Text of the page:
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Strength in numbers: On judge vacancies

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Meanings are given in Bold

The list of alarming numbers and figures relating to the depleting ( use up the supply or resources of ; Spend ) numbers in India’s higher judiciary has a new addition. On December 10, the Supreme Court of India said that 213 names recommended for appointment to various High Courts are pending with the government. Data show that 38% of all sanctioned ( give official permission or approval for (an action)) posts for High Court judges are lying vacant as of December 1, with the High Courts of some States including Andhra Pradesh and Rajasthan functioning at below half their actual capacity.

The court has fixed a time period of six months to appoint as judges at least those whose names the Supreme Court collegium ( an advisory or administrative board), the High Courts and the Government have agreed upon. At each level of the appointment process of judges to the higher judiciary, prior to the names reaching the Prime Minister and President for final approval, there are time periods specified. The Memorandum ( a written message in business or diplomacy)  of Procedure states that appointments should be initiated at least six months before a vacancy arises and six weeks of time is then specified for the State to send the recommendation to the Union Law Minister, after which the brief is to be sent to the Supreme Court collegium in four weeks.

Once the collegium clears the names, the Law Ministry has to put up the recommendation to the Prime Minister in three weeks who will in turn advise the President. Thereafter no time limit is prescribed ( recommend (a substance or action) as something beneficial) and the process, seemingly ( so as to give the impression of having a certain quality; apparently), comes to a standstill ( a situation or condition in which there is no movement or activity at all).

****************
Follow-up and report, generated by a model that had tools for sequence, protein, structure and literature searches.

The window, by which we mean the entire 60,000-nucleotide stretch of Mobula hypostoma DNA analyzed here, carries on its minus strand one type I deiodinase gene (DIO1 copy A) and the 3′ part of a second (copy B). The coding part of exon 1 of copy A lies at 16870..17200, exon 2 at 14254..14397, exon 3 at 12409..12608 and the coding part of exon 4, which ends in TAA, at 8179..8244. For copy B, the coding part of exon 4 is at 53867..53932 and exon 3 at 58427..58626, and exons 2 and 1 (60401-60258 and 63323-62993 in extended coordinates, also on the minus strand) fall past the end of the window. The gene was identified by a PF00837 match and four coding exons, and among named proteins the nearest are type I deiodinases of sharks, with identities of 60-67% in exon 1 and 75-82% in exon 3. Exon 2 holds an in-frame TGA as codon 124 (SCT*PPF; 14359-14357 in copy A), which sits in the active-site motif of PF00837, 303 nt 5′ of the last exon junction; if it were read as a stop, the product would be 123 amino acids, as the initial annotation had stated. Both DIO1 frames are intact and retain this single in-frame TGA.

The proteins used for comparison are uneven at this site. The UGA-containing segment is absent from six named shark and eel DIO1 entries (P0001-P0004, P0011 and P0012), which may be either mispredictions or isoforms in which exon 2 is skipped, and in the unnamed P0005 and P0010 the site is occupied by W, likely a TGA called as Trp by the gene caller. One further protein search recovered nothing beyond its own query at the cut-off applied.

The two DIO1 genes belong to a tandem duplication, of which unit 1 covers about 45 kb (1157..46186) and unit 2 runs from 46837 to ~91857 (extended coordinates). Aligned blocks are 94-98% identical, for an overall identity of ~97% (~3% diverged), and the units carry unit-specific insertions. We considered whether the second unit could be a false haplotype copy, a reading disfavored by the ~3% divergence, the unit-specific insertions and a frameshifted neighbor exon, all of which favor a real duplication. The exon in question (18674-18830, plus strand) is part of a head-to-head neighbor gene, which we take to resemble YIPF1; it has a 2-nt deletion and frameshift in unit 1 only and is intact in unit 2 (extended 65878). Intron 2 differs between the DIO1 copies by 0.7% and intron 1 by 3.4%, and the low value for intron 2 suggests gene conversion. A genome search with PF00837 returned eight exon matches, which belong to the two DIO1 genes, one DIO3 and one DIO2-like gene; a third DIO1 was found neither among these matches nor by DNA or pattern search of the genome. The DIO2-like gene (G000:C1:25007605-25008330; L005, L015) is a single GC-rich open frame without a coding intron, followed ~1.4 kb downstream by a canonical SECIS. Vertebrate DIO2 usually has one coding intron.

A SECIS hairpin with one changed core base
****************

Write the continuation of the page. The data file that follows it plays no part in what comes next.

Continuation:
The Supreme Court’s recommendation now of a time limit to these appointments is welcome. It is no secret perhaps, that the equation between the court and the Union Government has been strained ( showing signs of nervous tension or tiredness) by the former’s decision to strike down as unconstitutional in 2015 the move to set up a National Judicial Appointments Commission which would have been responsible for appointments and transfers to the higher judiciary in place of the Supreme Court collegium.

Since then, reports of delays in appointments have become increasingly commonplace, with both sides testy ( easily irritated; impatient and somewhat bad-tempered) over procedure. Last week, the same Bench of the Supreme Court chastised ( Scold ; thrash) the government for not acting on another set of nominations on which the government had sent back objections. If the collegium reiterates ( say something again or a number of times, typically for emphasis or clarity)  the names, the court said, the government has no option but to appoint the judges. Such standoffs ( a deadlock between two equally matched opponents in a dispute or conflict)  are now inevitable ( certain to happen; unavoidable).

As grievous ( (of something bad) very severe or serious) as it is for the government to disrupt ( interrupt (an event, activity, or process) by causing a disturbance or problem) the process through delays, it is for the court to take an increasingly firm hand to ensure that the collegium system that it fought so hard to protect, despite flaws, actually functions effectively. Doing so would be in its best interests. Vacancies in the higher judiciary threaten every aspect of the justice delivery system and it is the courts, and very seldom ( not often; rarely) the government, that always take the blame for any shortfall in justice.

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